Sheffield lake drowning: Tragedy sparks debate on whether 'wild swimming' needs policing

A tragic drowning in a Sheffield lake has sparked debate on whether swimming in open water should be restricted.

Thursday, 22nd July 2021, 12:46 pm

“Wild swimming” has seen a surge in popularity in the past two years, where swimmers hop into unsupervised reservoirs, lakes and rivers.

But just before midnight on Sunday (July 19), a man’s body was found in the lake at Crookes Valley Park. Emergency services arrived at around 3pm to carry out a search after reports of a man in distress in the water.

The next morning, swimmers returned to the Sheffield lake.

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It has sparked a debate among The Star’s readers about whether the hobby should be treated so lightheartedly.

"It’s so sad when a life is lost unnecessarily but some people will never learn from the experience of others because they think it can’t happen to them,” wrote reader Hazel Kennedy on Facebook. “This incident proves that it can happen to anyone.”

“What about people that go climbing at Stanage edge then?,” wrote user Paul Ree. “Should that be banned too? People should be allowed to make their own decisions in life especially if it doesn’t affect directly anybody else other than them.”

David Booth wrote: “A person can drown in a few inches of water, it all depends on the circumstances. Unfortunately there are all too many irresponsible people out there who will keep on pushing the idea that swimming in reservoirs, rivers, canals and ponds is safe, IT IS NOT. It may be free but it can also prove deadly as has been demonstrated all too often.”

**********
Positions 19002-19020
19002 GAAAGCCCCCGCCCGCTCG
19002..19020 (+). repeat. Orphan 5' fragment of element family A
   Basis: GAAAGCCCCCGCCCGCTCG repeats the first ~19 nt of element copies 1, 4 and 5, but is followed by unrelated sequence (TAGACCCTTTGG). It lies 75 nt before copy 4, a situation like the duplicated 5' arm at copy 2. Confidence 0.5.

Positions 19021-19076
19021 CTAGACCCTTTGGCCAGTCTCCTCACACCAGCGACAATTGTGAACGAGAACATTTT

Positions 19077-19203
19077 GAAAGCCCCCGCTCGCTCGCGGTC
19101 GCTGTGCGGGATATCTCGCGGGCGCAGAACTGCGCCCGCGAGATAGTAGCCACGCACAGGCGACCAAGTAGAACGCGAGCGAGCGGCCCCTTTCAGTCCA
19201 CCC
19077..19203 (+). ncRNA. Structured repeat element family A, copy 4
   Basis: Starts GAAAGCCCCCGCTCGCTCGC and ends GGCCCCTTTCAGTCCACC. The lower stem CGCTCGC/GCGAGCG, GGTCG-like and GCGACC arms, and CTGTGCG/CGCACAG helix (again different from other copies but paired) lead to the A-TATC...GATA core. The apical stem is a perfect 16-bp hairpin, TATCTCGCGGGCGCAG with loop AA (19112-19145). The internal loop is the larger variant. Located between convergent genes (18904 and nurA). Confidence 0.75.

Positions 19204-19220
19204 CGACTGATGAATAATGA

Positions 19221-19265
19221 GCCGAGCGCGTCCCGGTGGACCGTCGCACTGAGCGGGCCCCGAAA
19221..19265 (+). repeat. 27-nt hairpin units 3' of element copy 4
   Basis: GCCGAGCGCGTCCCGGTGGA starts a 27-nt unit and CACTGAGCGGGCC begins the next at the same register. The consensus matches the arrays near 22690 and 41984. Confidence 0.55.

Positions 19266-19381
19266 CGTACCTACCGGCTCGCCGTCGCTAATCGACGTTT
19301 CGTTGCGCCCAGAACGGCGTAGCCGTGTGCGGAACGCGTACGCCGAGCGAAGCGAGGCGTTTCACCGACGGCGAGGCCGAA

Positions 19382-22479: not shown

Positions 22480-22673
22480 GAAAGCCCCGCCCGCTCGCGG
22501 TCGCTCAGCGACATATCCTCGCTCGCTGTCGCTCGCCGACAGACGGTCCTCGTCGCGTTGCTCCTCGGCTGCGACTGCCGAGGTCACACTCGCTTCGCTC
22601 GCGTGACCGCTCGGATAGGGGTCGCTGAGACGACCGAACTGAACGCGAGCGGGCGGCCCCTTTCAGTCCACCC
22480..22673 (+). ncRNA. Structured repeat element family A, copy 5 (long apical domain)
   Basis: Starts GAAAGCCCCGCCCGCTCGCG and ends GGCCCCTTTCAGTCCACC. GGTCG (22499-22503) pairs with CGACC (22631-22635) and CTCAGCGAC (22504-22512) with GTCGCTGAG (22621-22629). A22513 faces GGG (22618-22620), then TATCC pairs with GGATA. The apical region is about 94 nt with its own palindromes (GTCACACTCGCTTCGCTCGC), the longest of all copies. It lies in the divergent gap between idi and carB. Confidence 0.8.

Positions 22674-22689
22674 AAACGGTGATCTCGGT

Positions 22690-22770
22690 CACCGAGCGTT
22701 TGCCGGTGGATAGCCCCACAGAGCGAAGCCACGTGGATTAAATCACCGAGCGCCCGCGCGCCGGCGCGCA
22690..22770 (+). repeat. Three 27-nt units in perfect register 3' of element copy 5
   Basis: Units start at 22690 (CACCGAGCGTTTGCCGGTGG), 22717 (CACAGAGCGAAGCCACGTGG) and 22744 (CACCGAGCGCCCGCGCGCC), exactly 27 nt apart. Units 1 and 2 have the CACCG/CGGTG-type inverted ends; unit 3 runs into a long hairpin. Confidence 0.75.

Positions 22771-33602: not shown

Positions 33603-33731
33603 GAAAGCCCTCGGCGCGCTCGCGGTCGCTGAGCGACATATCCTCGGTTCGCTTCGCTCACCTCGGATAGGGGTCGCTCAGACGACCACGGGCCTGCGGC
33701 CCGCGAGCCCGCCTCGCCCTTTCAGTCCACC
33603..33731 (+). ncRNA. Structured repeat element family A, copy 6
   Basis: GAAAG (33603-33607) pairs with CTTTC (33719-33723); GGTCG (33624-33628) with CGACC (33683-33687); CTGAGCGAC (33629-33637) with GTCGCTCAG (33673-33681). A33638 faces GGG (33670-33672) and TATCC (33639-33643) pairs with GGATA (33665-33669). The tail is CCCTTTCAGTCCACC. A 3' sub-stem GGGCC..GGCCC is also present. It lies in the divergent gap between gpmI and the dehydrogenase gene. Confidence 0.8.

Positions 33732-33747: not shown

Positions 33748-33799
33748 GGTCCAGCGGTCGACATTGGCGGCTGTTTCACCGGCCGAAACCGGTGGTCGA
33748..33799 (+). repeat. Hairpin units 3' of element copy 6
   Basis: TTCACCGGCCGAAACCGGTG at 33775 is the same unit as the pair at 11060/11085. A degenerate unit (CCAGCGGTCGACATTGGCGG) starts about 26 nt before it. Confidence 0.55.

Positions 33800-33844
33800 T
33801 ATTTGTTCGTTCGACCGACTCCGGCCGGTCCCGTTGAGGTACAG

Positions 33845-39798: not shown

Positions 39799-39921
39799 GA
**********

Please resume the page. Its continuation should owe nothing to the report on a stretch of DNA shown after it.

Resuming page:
Reader Finnlay Sanchez countered: “We don't stay off the roads because of tragic accidents.

"'Wild' swimming is a free activity that's great for body and mind, our ponds, lakes and reservoirs lend themselves to this few moments of beautiful escape. It is a tragic sad accident, not a cry for fearmongering.”

Online, Google searches for “wild swimming” reached an all time high last August. Searches for the term also went up five times last week.

The spike in the hobby is possibly driven by people looking to escape lockdown when pools were shut. It comes as the UK faced a fierce heatwave over the weekend.

The police are yet to name the man who died this weekend.

Another reader, Chloe Summers wrote: “If you’ve never had a problem [with wild swimming] maybe the person who died may not have either and thought it was safe. Even a confident swimmer can get into difficulty.”

The death has prompted a formal warning by South Yorkshire Fire & Rescue today. It reads: “Our message to people across South Yorkshire is simple – please stay out of the water unless you are at a proper swimming pool or part of an organised open water swimming group.

"Open bodies of water are often much colder than they look – this can send your body into shock when you jump in and prevent you being able to swim to safety.

“You also have no idea what is underneath.

“With the summer holidays upon us, we call upon parents to speak to their children about the dangers and not giving into peer pressure."